The court's finding of fact seven states, “[t]he Honorable Melanie Appleby of the New Jersey Family Court, on March 28, 2014, transferred the jurisdiction of the custody proceedings from New Jersey to North Carolina.” The trial court apparently concluded it could assert subject matter jurisdiction over the case pursuant to N.C. Gen. Stat. § 50A-203(1).
Under subsection N.C. Gen. Stat. § 50A-203(1), there are two grounds under which the Guilford County District Court would gain jurisdiction. The first is if the New Jersey court had determined it no longer possessed jurisdiction under section 50A-202. The applicable portion of N.C. Gen. Stat. § 50A-202 provides that a court:
which has made a child-custody determination consistent with G.S. 50A-201 or G.S. 50A-203 has exclusive, continuing jurisdiction over the determination until:
(1) [it] determines that ․ the child, the child's parents, and any person acting as a parent [no longer] have a significant connection with [that] State and that substantial evidence is no longer available in [that] State concerning the child's care, protection, training, and personal relationships; or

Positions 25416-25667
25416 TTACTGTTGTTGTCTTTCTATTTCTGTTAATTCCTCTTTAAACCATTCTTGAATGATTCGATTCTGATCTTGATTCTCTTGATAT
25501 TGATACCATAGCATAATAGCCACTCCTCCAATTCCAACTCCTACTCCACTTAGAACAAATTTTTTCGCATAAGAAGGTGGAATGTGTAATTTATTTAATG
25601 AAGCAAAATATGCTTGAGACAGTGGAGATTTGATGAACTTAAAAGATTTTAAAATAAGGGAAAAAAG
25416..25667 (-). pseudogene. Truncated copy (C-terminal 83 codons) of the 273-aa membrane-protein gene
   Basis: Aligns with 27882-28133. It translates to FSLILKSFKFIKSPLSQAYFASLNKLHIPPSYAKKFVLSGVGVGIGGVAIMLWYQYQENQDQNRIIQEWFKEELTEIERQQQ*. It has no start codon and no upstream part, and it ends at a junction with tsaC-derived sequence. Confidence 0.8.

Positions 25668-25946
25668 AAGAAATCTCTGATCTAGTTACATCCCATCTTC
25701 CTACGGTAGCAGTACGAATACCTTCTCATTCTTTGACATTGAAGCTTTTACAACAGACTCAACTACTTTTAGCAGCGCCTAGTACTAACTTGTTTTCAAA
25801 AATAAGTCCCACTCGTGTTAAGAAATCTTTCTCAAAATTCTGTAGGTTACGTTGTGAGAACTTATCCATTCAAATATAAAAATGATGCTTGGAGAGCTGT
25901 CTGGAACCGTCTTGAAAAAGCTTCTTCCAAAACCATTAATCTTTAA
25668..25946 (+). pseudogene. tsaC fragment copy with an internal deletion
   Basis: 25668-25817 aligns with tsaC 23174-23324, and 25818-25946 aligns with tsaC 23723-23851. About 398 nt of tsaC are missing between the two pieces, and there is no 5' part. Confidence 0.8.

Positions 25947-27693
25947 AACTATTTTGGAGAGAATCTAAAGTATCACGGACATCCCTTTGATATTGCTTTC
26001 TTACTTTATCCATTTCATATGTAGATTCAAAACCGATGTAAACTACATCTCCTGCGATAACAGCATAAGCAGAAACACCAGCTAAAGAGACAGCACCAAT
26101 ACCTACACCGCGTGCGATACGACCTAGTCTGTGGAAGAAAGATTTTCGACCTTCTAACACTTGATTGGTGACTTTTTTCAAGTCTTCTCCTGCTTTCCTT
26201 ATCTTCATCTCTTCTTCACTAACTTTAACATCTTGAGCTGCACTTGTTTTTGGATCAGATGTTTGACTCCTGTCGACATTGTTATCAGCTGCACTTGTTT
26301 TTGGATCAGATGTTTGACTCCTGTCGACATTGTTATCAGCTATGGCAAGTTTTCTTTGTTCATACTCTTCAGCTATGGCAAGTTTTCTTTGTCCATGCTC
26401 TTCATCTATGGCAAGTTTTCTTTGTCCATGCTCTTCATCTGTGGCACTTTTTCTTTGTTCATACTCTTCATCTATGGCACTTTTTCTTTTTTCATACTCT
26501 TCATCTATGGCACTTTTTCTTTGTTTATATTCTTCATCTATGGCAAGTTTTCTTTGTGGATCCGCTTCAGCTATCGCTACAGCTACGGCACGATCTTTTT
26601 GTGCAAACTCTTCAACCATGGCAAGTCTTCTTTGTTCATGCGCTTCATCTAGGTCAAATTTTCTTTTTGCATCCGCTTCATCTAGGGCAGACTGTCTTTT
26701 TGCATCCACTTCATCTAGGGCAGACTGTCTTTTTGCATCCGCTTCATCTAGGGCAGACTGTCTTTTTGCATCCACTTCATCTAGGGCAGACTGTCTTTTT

(2) [it] or a court of another state determines that the child, the child's parents, and any person acting as a parent do not presently reside in [the issuing state].
N.C. Gen. Stat. § 50A-202(a).
“ ‘[T]he original decree State is the sole determinant of whether jurisdiction continues. A party seeking to modify a custody determination must obtain an order from the original decree State stating that it no longer has jurisdiction.’ ” In re N.R.M., 165 N.C. App. 294, 300, 598 S.E.2d 147, 151 (2004) (quoting Official Comment to N.C. Gen. Stat. § 50A-202).
In In re K.U-S.G., 208 N.C. App. 128, 702 S.E.2d 103 (2010), a Pennsylvania court had entered initial orders regarding the custody of two juveniles living within the state. Prior to the petitioners' and the juveniles' move to North Carolina, the Pennsylvania court had entered orders granting legal custody of the juveniles to the petitioners and allowing the respondent supervised visitation. Id. at 129-30, 702 S.E.2d at 104. Eventually, the petitioners filed petitions to terminate the respondent's parental rights. Id. at 130, 702 S.E.2d at 105. The North Carolina court purported to terminate the respondent's parental rights.